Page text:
Effective legal research and writing can be the difference between winning and losing your family law motion. Most issues in a family law case are resolved as law and motion matters, and most of the factual and legal arguments are made in the papers. So perfecting your writing style is essential.
Prepare an Outline of Your Legal Arguments
You may not have done an outline since your college English paper days, but the fact is, preparing an outline in advance gives your brief focus, and allows you to weed out everything that detracts from your main "winning" points. Start by jotting down every legal argument you can think of that supports your client's position. Then look at your list and eliminate any arguments that weaken your position. I'm not talking about eliminating a good alternative argument. However, if you trot out everything but the kitchen sink, your really good arguments are likely to get lost in the crowd. Once you've eliminated your poor arguments, put the remaining arguments in order from strongest to weakest. Within those, if there are arguments that are related, you may want to group them together for clarity. When you've done all this, list all the facts that support those arguments, and nothing else. Irrelevant facts distract the Judge.
Write Your Statement of Facts
Do this in chronological order, but stick to only those facts that support your argument. Your client may want you to talk about other facts, things he or she thinks make the other party look like a bad person. But you know Judges don't want to read that stuff, so why put it in? If you keep your statement of facts focused on only the important facts to the issues in your motion, you won't run the risk of the Judge reading those irrelevant facts and wondering why you put them there. After all, if you included them, you must think they're important. Right? Just don't do it. After you finish the statement of facts, re-read it and remove anything that's not important to your legal arguments, no matter how interesting you think it is, or how much your client thinks it will sway the Judge. If you really want to get certain facts before the Court, make sure there's a corresponding legal argument, even if you think it will fail. It helps maintain your credibility with the Court.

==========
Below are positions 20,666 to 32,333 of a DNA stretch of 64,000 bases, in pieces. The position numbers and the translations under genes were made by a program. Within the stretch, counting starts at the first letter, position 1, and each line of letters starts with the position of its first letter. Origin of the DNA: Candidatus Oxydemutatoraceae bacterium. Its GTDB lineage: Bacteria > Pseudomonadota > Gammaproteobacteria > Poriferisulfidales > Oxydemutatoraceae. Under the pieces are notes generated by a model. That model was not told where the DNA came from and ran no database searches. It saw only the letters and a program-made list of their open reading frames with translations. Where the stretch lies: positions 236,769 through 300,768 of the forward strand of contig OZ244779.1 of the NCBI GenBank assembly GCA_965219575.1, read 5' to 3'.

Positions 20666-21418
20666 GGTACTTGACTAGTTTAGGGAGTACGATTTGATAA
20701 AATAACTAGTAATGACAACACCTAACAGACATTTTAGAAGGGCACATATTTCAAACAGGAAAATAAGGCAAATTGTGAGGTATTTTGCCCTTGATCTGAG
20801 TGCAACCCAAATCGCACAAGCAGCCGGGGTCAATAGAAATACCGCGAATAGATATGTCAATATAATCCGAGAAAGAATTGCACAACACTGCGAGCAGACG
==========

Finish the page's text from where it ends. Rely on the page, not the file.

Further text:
Research Your Legal Arguments
This may lead to the development of more legal arguments, including arguments you hadn't even considered before. The law is constantly evolving, and that yearly update course isn't going to be enough to keep you up to date on every change that occurs. Do your research. If you haven't invested in an online legal research program, do it. It's worth the money. Make sure your position hasn't been invalidated by a new case or statute. Nothing is more embarrassing than making a legal argument and having the court tell you, in front of your client, that the case you relied on is no longer good law. Once you finish researching your issues, revisit and update your outline.
Write Your Legal Arguments
Deal with each argument or point in a separate numbered or lettered section. Use proper style for citations to legal authority. Keep it as short and to the point as possible, given the scope of your argument. Follow the rules of good writing. Use proper grammar and spelling. Try to avoid passive voice whenever possible. Write "Husband violated the ATROs when he transferred community funds to a foreign account without the knowledge or consent of Wife." That sounds much more dynamic and convincing than "The ATROS were violated by Husband, when funds were transferred by him to a foreign bank account, even though he didn't have Wife's knowledge or consent at the time." Good writing is a pleasure to read. It flows on the page. It's also compelling and makes the Judge want to rule in your favor. If you read your own brief and lose interest or become confused, chances are good that the Judge will also.